The boy covered her mouth with his hand, but she moved her face away. "It’s all right for me to talk," she told him. "As long as no one’s around, it’s all right." She put the boy down on the front seat of the car and he moved over without being told to, to make room for the girl. When they were both in the car, Rye leaned against the window, looking at them, seeing that they were less afraid now, that they watched her with at least as much curiosity as fear.

"I’m Valerie Rye," she said, savouring the words. "It’s all right for you to talk to me.


Killers

by Carol Emshwiller

<p><emphasis>Killers</emphasis></p> <p>by Carol Emshwiller</p>

Carol Emshwiller is the author of six novels and more than 100 short stories. Her short work has appeared in numerous anthologies and magazines, and has been collected in several volumes, most recently in I Live With You. In her career spanning five decades, she has won the Nebula Award, the World Fantasy Award, and the Philip K. Dick Award. In 2005, she was presented the World Fantasy Award for Life-Time Achievement. Her most recent novel, The Secret City, was published in 2007.

Emswhiller can’t help but wonder if our civilization will fall apart one of these days. But being the kind of person who loves the simple life—oil lamps, walking, pumping up water for a shower, washing diapers at the shore of a lake on an old fashioned washboard—she’s hesitant to say she’s “afraid” it’ll happen. She’s not looking forward to it either, but she says it’s just as much fun writing about regression and devastation as it is writing about a future full of new gadgets and inventions.

“Killers” grew out of Emshwiller’s objections to the war in Iraq. The American people have been told that we’re fighting terrorists over there so we don’t have to fight them here. This story ponders what it would be like afterward if such a war did come to our shores.


Most people left because of no water. I don’t know where they found a place where things were any better. Some of us felt safer here than anywhere else. And even way before the war wound down, it was hard to pick up and go someplace. No gas for civilians. Pretty soon no gas at all.

After the bombing of our pipeline (one man with a grenade could have done that), we got together and moved the town up higher, along a stream and put in ditches so that the water came past several houses. We have to carry water into the house in buckets and we have to empty the sink by hand, back out into the yard. At least the water flows into our kitchen gardens and past our fruit trees. In warm weather, we bathe in our irrigation ditch, in colder we sponge off inside, in basins, but there’s hardly any cold weather anymore.

There wasn’t much to moving the town since most of us were gone already. All the able-bodied men, of course, so it took us women to make the move ourselves and without horses or mules. The enemy stole them or killed them or maimed them just to make things harder for us.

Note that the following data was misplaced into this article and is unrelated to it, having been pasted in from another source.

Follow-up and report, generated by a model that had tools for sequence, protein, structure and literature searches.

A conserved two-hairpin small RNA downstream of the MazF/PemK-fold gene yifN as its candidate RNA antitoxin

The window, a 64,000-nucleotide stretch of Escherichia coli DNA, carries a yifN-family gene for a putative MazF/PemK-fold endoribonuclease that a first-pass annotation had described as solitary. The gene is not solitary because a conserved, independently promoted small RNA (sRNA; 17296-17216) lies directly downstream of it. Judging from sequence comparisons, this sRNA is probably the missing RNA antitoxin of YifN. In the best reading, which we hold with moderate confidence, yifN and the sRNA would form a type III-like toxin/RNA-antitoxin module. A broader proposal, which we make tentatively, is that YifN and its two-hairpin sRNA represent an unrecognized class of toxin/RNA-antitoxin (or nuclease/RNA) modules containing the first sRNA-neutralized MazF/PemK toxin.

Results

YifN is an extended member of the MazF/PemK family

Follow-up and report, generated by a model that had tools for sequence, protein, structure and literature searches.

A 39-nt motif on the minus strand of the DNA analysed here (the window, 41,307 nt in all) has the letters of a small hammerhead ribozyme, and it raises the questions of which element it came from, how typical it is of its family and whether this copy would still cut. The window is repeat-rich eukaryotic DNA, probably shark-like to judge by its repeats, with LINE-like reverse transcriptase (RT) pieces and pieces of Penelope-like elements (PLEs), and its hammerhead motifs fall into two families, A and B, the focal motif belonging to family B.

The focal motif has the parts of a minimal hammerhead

No electricity, though some of the women think they can hook the dam back up and get some. Nobody has bothered to try it yet. In a way none of this bothers me as much as you’d think. I always liked walking, and we have rendered fat lamps and candles that send out a soft, cozy glow.

Our house was already well above where the town used to be. Good because I didn’t want to move. I want my brother to have our old home to come back to. And besides, I couldn’t move Mother.

Beyond our back yard there used to be the Department of Water and Power, after that Forest Service land, and then the John Muir wilderness. Now the town has moved above me, and of course there’s no DWP or Forest Service anymore.

Our house has a good view. We always sat on the front steps and looked at the mountains. Now that everybody has moved up the mountain side, everybody has a good view.

The town below is empty. The Vons and K-mart are big looted barns. Up here there’s one small store where we sell each other our produce or our sewing and knitting. Especially socks. Hard to get socks these days. Before the war we were so wasteful nobody darned anymore, but now we not only darn but reinforce the heels and toes of brand new socks before we wear them.

We moved the little library up. Actually it’s got more books than before. We brought all the books we could find, ours and those from the people who left. We don’t need a librarian. Everybody brings them back honor system.

We have a little hospital but no doctors, just a couple of elderly nurses who were too old to be recruited. They’re in their seventies and still going. They’ve trained new ones. No medicines though. Only what we can get from local herbs. We went to the Paiute to find out more. There’s a couple of Paiute nurses, who come to help out every now and then, though they have their own nursing to do on the reservation. (They moved the rez up, too, and they don’t call it the reservation anymore.)

It’s a woman’s town now. Full of women’s arts and crafts…. Quilt makers, sweater knitters…. And the women do the heavy work. There’s a good roof repair group and there’s carpenters….

Lots of women went to war along with the men, but I had to look after Mother. I was taking care of her even before my brother left. She wasn’t exactly sick but she was fat and she drank. Her legs looked terrible, full of varicosities. It hurt her to walk so she didn’t. When the war came she got a little better because of the shortages, though there was still plenty of homemade beer, but she couldn’t walk. Or wouldn’t. I think her muscles had all withered away. Looking after somebody who can’t walk seems normal to me. I’ve done it since I can first remember anything.